Now they’ve done it: 664 acres that could be adding revenue to county coffers will forever be removed from the tax rolls. That, judging from comments I received when I previously wrote about the Whidbey Camano Land Trust’s effort to buy the Trillium land, is how some folks feel this week about the news that the campaign has succeeded.
Yep, those lazy, jobless, tree-hugging do-gooders managed to get us to donate $4 million to buy a chunk of land that could have been put to good use as McMansions. And they did this despite contribution fatigue, after we’re all tapped out from sending money to Katrina survivors, Haitian earthquake victims, Gulf state fishermen and flooded-out Pakistanis. They did it even though we spend our free time tutoring kids, weeding the Good Cheer garden and cleaning oiled sea birds. They did it right when we’re all worried about our jobs and whether our mortgages are under water. They did it even though some say Americans have no more to give. They did it at the same time that Glenn Beck was holding a rally.
It’s enough to make a stupefied Grinch’s heart swell a little bit.
But no worries. Those who didn’t support the land trust’s efforts to keep the Trillium property as open space will have more opportunities for complaining. No doubt someone will want to build an informational kiosk, and we can write letters to the editor about the asinine design. Then, if we’re lucky, somebody will float the idea of a user’s fee to pay for maintenance of the new park, and we can go off about abuse of power, unequal access and how the government always has its hand in our pockets.
It’s good to know that no matter what positive projects come to fruition, some things never change. Curmudgeons will always have something negative to say.
You’ll have to forgive my mood. I’ve got a bit of a bug up my nose this week because several times lately I’ve been accused of holding back, not going for the gusto. A couple of weeks ago a drunken Christian told me I’d never known passion.
I assume this backhanded attempt at a pass was meant to flatter rather than piss me off.
Then my son told me the other day that my articles go right up to the edge — but back down before presenting any real challenge to the reader.
That reminded me of a former writing teacher’s caveat I’d adopted as my mantra, but lapsed on lately. “If you’re not willing to dance naked on the page,” she said, “don’t waste the trees.”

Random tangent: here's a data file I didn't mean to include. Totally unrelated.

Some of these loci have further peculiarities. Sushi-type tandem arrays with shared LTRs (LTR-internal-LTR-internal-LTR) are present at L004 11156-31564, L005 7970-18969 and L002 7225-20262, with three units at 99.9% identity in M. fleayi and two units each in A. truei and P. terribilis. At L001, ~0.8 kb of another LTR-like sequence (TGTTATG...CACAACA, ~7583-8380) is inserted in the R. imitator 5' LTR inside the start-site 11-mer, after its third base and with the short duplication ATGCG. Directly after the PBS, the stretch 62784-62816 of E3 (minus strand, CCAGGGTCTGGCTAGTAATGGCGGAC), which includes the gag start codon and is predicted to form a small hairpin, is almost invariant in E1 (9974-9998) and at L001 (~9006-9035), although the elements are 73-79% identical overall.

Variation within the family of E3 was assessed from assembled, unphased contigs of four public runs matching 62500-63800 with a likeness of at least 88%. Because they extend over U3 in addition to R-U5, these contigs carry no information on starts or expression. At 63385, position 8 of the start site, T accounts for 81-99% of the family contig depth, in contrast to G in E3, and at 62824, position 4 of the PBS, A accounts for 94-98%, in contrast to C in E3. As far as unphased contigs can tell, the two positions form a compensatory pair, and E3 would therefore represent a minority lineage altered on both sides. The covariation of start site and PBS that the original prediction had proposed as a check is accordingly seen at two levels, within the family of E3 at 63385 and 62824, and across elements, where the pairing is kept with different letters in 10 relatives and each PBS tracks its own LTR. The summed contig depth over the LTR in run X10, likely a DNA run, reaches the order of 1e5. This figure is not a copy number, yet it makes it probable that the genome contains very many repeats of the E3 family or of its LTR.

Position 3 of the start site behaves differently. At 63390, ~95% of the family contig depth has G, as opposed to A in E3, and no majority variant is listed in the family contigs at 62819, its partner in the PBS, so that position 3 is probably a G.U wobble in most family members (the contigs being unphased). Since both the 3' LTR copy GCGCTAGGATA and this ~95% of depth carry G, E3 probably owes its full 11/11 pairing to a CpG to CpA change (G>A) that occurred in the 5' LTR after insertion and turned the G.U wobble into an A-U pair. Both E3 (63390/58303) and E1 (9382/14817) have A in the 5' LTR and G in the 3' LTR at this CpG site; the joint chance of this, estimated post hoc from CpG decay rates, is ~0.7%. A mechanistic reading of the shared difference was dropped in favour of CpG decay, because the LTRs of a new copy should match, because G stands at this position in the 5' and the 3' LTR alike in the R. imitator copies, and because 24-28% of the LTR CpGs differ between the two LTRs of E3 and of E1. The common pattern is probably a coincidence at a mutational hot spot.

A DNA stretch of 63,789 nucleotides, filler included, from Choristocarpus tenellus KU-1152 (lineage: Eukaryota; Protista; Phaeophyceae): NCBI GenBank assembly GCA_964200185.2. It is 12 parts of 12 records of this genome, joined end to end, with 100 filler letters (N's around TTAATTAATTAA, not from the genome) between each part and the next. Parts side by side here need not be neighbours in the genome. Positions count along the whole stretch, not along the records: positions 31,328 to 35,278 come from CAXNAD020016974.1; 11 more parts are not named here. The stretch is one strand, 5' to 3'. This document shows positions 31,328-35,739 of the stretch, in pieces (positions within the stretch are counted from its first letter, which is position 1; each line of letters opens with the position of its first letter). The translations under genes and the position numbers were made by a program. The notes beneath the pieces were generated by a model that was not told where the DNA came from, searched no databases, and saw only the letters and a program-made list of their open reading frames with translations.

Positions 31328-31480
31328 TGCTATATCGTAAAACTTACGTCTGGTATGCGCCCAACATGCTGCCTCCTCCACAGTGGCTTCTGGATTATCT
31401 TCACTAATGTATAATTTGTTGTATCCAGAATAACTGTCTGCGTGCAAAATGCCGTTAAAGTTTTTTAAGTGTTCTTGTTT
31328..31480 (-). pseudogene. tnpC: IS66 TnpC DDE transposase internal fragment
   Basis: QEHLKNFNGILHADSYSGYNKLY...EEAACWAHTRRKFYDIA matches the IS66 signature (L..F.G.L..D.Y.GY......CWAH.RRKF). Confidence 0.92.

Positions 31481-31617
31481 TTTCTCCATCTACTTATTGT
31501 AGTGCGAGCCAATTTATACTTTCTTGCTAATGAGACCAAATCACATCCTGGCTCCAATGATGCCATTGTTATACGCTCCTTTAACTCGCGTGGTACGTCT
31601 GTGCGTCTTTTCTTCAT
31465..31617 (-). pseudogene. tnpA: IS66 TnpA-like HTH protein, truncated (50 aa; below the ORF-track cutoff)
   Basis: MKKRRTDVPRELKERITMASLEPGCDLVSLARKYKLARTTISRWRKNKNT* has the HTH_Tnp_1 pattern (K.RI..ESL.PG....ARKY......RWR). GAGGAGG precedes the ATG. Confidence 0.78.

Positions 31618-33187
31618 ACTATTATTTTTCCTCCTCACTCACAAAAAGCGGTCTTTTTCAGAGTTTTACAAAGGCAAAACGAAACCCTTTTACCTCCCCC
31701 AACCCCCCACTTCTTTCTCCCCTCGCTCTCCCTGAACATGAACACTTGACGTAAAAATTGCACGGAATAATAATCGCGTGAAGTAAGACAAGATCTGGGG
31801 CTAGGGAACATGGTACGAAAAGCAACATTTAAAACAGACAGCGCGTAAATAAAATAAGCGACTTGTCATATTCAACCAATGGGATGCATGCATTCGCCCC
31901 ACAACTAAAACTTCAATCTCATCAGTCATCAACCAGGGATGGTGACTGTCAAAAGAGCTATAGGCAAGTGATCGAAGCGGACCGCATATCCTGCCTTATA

The last straw was reading Ginger Strand’s essay, “The Economics of Estuary” in this month’s Orion magazine, about the convoluted efforts to put the value of reclaiming bits of the Skagit River delta for salmon habitat into monetary terms. It’s a thoughtful piece, full of well-wrought detail, personal investment, salient facts presented in an understandable fashion and dashes of wry wit. In other words, Strand hit the mark, and I’m jealous of her expertise.
I don’t think valuing nature in fiscal terms is going to turn out to be the panacea. Strand quotes an anonymous member of the Umatilla tribe: “How can I tell what the salmon are worth? The salmon define who I am.” Likewise, how can we place a value on a Whidbey Islander’s opportunity to walk outside and hear something as simple and as breathtaking as the squeaky wheelbarrow cry of a bald eagle circling overhead? The eagle and the salmon do not exist to make human life better, but they do.
Long ago, when my children were small, I sat at a Seattle traffic light and noticed that just like every other intersection in town there was a teddy bear shop on one corner and a balloon shop on the other. I thought, disaster is imminent, teddy bear and balloon shops have become the basis of our economy. Then I began noticing that news programs ended with the lead economic indicator of New Housing Starts and I had an epiphany — the health of our economy should not be based on something as volatile and damaging as building masses of stuff.
I’m not claiming that
I foresaw the advent and fallout of credit default swaps and mortgage bundling and derivatives, I’m just saying that’s when my inner tree hugger was born. That’s when I understood that a home should be valued according to the resources it saves, not the resources it consumes. And nature should be valued, period.
Way to go Whidbey Camano Land Trust. This curmudgeon can hear future orcas singing, “Hello, and thanks for all the fish.”
For more information:
“Should Nature Have a Price?” Orion, September issue — click here.
Fin Fest: On Oct. 9, Whidbey Watershed Stewards and the Orca Network present a celebration of orcas and Chinook as they return for the fall season — Click here.
Questions or comments for Tidal Life? E-mail: email@example.com.